These great shares are now even better value
No one knows whether this week’s market turmoil is prelude to a more sustained fall. But for investors seeking income in the form of dividends, any drop in price is welcome. It enables you to buy future income for less.
The following “crash buylist” draws on recommendations in the Telegraph’s Questor column. The premise is that dividend payments are secure and that current yields – already high – will improve if prices fall further.
257p/5.6pc Insurance giant L&G is enjoying a boom in its retirement business. It has a “free cashflow yield” – cash generated per share relative to the share price – of 20pc. This is an excellent indicator of dividend sustainability. L&G has increased its dividend consistently, and the current 7pc dividend growth rate is likely to be maintained. Over the past week the shares have fallen 7pc.
£26.82/6.4pc Tobacco firms have proven resilient dividend payers in the face of punitive tax and regulation. Imperial’s current high yield is in part due to a steep fall in share price in the past year, triggered by threats of further American regulation. The dividend is covered by profits at today’s level, and it seems undervalued even at this price.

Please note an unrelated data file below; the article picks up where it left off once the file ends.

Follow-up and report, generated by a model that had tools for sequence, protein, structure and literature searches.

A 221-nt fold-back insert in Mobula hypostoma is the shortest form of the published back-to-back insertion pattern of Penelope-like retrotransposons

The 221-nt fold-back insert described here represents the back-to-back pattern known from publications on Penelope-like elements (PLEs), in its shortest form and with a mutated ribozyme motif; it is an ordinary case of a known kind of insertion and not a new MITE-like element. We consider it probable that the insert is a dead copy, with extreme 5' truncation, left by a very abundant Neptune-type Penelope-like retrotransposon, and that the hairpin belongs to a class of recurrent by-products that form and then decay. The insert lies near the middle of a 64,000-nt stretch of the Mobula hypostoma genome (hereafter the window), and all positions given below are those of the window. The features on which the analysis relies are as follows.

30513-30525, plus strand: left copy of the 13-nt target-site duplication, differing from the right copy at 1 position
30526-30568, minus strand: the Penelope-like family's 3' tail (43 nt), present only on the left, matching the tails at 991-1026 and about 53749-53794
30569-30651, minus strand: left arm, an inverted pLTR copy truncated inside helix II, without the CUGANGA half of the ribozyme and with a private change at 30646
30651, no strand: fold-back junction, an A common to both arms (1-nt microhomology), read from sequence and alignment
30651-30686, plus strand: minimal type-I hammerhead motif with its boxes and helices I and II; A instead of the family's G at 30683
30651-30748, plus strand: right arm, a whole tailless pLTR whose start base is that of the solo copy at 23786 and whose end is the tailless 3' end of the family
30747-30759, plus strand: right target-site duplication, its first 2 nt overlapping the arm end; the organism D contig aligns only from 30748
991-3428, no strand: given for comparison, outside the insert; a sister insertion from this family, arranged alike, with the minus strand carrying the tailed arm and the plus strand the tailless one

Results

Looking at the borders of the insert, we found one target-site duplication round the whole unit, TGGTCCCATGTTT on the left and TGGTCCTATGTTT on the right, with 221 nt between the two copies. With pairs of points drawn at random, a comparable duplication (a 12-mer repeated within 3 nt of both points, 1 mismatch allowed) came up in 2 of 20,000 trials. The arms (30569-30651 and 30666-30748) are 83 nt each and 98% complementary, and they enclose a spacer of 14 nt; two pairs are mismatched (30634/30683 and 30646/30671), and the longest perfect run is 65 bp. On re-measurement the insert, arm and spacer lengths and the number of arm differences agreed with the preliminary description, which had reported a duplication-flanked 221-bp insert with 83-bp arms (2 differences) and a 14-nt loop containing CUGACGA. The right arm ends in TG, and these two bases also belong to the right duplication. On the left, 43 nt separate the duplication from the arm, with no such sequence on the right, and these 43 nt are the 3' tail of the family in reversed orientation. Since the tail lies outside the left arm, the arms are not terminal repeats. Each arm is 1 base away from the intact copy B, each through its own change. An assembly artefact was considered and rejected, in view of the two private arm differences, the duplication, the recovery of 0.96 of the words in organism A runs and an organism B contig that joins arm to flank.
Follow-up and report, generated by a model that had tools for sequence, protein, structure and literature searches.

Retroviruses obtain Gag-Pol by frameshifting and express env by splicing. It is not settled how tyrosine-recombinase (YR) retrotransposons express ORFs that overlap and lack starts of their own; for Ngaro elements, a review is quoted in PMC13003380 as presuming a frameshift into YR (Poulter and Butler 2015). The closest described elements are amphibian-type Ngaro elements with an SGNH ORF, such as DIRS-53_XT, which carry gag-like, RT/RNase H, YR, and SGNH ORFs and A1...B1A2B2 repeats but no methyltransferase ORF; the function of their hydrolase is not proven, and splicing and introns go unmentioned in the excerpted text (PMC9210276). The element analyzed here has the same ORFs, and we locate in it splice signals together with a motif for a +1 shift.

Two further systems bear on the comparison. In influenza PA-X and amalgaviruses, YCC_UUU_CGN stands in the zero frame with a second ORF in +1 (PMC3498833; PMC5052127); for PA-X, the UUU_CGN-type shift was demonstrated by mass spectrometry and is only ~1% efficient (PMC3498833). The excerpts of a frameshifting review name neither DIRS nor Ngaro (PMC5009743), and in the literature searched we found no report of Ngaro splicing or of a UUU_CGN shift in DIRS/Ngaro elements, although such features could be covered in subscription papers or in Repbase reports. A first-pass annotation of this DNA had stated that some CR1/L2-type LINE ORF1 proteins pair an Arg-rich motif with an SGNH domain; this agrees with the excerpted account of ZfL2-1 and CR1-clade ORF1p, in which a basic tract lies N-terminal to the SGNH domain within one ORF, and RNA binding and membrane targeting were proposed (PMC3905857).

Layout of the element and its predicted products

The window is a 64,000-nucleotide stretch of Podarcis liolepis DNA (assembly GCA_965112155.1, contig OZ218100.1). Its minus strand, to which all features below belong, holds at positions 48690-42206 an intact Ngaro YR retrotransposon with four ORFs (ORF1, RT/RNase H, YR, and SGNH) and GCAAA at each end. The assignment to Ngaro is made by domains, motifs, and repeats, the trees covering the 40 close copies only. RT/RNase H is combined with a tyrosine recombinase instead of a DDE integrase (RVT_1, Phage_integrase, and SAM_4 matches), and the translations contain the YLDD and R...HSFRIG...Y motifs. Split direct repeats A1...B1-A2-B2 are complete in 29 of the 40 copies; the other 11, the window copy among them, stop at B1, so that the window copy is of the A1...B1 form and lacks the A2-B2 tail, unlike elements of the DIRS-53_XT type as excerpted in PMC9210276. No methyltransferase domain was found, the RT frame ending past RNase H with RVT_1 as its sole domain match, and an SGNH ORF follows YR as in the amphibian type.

757p/6pc Utility firm National Grid also has a 6pc yield boosted by share price decline over the past year – sparked in part by politicians on the right and left talking about price controls and other forms of state intervention. But dividend rises linked to inflation will continue for the time being, while its growth abroad is reducing risk.
£4.81/6pc Oil giant BP’s latest results, published this week, show massive profit growth, a reduction in costs (including costs associated with the Mexican Gulf spill) and some security of income even if the oil price doesn’t rise further. Debts are being slowly reduced and a move to buy back shares should also help dividend prospects.
BP has achieved massive profit growth and a reduction in costs